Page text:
Advertising legislative votes is hardly a new tactic among activists at all levels of government. Interest groups have been issuing “report cards” scoring lawmakers for decades, but Miller has deep roots inside the Statehouse and Indiana ha s a strong base of conservative voters.

House Speaker Brian Bosma, R-Indianapolis, cautioned that pressure tactics can occasionally boomerang if groups aren’t careful. He pointed to Republican Gov. Mike Pence’s troubles lobbying for a proposed income tax cut. After House Republicans passed a budget without the governor’s tax cut, Pence supporters began airing ads blasting House Republicans.

“I don’t think necessarily television ads during the legislative session are an effective means to change someone’s opinion. Particularly on an issue like this,” he said. “We saw something much more intense last year on tax policy and, if anything, that effort, I think, made the sides less likely to come together because of some of the things that were said.”

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17 more reader comments:

  1. That proves to me that people will bitch at just about everything.

    Posted on Friday, January 10, 2014 at 12:28am
  2. Let’s bombard those asshats from banning marriage between two people regardless of gender and sexual attractions. Join us now!

    Posted on Friday, January 10, 2014 at 12:28am
  3. Just more obstruction from the Republican’s!

    Posted on Friday, January 10, 2014 at 12:37am
  4. This is stupid… I mean really Indiana wake up already…

    Posted on Friday, January 10, 2014 at 12:42am
  5. what the fuck they are? Uguanda? rusia? they are becoming the same shit….

    Posted on Friday, January 10, 2014 at 12:43am
  6. We need riots. Its time to stand our ground

    Posted on Friday, January 10, 2014 at 12:50am
  7. The Republican’s WHAT, Ian??

    Posted on Friday, January 10, 2014 at 12:50am
  8. The republicans repress rights of all different groups of people, They are insidious and We will resist them!!! Even if it comes to civil war!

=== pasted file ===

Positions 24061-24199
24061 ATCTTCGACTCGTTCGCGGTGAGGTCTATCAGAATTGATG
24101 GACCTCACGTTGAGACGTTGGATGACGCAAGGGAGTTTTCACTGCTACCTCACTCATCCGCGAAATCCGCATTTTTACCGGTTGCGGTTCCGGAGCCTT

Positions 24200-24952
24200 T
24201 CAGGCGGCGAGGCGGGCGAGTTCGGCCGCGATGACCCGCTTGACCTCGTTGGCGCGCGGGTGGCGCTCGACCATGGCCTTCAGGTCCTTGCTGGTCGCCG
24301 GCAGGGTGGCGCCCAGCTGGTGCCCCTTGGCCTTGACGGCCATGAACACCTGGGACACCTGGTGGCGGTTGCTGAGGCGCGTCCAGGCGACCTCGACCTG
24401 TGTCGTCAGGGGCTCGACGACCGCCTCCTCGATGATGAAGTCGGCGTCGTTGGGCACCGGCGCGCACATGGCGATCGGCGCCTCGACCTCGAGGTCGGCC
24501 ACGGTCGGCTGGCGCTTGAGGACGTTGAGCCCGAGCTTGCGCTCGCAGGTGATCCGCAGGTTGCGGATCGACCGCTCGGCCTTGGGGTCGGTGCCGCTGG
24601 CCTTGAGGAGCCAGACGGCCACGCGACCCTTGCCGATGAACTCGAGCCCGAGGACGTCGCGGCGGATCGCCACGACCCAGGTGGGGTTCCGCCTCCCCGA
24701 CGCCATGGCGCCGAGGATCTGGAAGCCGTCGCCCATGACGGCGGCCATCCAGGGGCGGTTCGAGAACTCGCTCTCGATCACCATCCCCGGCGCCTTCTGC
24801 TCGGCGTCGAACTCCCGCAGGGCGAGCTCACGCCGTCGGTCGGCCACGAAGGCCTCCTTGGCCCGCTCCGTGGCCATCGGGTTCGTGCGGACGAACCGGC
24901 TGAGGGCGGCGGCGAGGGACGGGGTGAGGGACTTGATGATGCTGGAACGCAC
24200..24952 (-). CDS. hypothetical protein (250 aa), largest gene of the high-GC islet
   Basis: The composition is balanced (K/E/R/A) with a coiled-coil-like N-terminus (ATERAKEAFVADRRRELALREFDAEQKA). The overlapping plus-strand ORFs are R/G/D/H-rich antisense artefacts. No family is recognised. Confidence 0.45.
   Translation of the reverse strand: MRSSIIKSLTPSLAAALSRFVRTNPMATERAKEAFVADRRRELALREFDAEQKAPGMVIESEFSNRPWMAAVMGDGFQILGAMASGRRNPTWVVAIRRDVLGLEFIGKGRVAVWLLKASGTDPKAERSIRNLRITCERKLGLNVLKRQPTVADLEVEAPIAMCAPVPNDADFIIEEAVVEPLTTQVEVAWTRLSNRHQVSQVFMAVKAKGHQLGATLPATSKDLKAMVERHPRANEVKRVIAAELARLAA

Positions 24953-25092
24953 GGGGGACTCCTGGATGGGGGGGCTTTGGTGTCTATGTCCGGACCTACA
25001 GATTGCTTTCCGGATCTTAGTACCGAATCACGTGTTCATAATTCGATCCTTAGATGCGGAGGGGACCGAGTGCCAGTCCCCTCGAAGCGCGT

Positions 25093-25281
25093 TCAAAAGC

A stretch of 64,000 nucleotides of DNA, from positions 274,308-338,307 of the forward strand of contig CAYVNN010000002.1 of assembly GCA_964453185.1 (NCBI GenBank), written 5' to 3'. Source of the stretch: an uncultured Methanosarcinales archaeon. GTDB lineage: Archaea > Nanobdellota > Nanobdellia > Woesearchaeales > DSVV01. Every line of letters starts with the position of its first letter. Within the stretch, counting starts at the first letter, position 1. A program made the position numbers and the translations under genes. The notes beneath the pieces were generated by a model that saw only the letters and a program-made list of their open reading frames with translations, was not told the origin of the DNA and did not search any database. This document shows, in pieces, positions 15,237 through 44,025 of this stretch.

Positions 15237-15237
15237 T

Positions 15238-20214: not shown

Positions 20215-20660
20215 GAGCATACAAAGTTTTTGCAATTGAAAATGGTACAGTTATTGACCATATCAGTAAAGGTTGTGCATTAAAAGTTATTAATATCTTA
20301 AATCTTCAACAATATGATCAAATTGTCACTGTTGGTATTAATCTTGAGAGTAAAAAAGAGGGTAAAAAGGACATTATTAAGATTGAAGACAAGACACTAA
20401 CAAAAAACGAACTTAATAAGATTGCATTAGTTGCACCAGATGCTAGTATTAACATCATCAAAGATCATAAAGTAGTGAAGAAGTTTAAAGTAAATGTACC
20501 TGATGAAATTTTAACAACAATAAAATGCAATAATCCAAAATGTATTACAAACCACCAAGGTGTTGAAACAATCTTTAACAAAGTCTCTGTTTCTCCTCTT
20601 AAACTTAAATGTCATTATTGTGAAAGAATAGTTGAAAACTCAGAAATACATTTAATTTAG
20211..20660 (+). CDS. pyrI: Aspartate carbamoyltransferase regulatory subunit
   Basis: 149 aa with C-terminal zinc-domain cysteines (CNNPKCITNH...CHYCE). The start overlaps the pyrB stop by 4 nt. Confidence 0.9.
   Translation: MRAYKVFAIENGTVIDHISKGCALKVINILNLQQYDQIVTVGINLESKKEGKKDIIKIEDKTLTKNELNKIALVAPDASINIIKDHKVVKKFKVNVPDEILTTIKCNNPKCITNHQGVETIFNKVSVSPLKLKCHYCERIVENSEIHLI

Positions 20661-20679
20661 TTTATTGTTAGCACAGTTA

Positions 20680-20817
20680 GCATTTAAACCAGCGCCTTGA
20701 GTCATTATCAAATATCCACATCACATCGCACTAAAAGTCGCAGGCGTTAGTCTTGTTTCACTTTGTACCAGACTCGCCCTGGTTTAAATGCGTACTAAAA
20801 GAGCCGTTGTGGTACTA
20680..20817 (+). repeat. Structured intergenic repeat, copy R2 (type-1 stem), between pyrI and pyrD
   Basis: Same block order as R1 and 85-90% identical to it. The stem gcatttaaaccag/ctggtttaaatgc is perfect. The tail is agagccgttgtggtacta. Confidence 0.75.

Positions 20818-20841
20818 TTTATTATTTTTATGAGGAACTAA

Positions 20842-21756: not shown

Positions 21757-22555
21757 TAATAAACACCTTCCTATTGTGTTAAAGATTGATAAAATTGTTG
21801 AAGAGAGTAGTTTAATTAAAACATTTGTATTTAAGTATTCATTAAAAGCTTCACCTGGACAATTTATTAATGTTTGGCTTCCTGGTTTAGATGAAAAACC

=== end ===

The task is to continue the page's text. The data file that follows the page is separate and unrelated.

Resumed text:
Replied on Friday, January 10, 2014 at 1:12am
  9. They’ve begun a television advertisement campaign to get this piece of crap passed. They’ve also changed the name of it by a number, which will confuse people,

    Posted on Friday, January 10, 2014 at 1:08am
  10. I was pointing out a grammatical error, darling.

    Posted on Friday, January 10, 2014 at 1:17am
  11. Civil war!!!!

    Posted on Friday, January 10, 2014 at 1:43am
  12. This is our home. Our families are here we work have families take care of our homes and pay taxes. We also vote. What is happening now in this state makes Indiana look hateful and so regressive it’s shameful. The very people who profess to be Christians are so full of hate and vitriol it’s breathtaking and so sad for all of us that want to enjoy equal treatment under the law. This is a very terrible way to treat citizens and is not the America I thought we lived in .

    Posted on Friday, January 10, 2014 at 1:44am
  13. America is a false dream.

    Posted on Friday, January 10, 2014 at 1:45am
  14. I’m going to the rally this Monday and fighting for the rights as a gay man, I deserve!

    Posted on Friday, January 10, 2014 at 2:00am
  15. You have to be asleep for the American DREAM.

    Posted on Friday, January 10, 2014 at 2:51am
  16. Gay men and lesbians who are serving in the military can’t even get married in the country they serve for, yet the GOP ‘support our troops’, LGBT people are part of them too! Indiana, wake the hell up!

    Posted on Friday, January 10, 2014 at 3:08am
  17. Im ashamed to be a Hoosier

    Posted on Friday, January 10, 2014 at 4:48am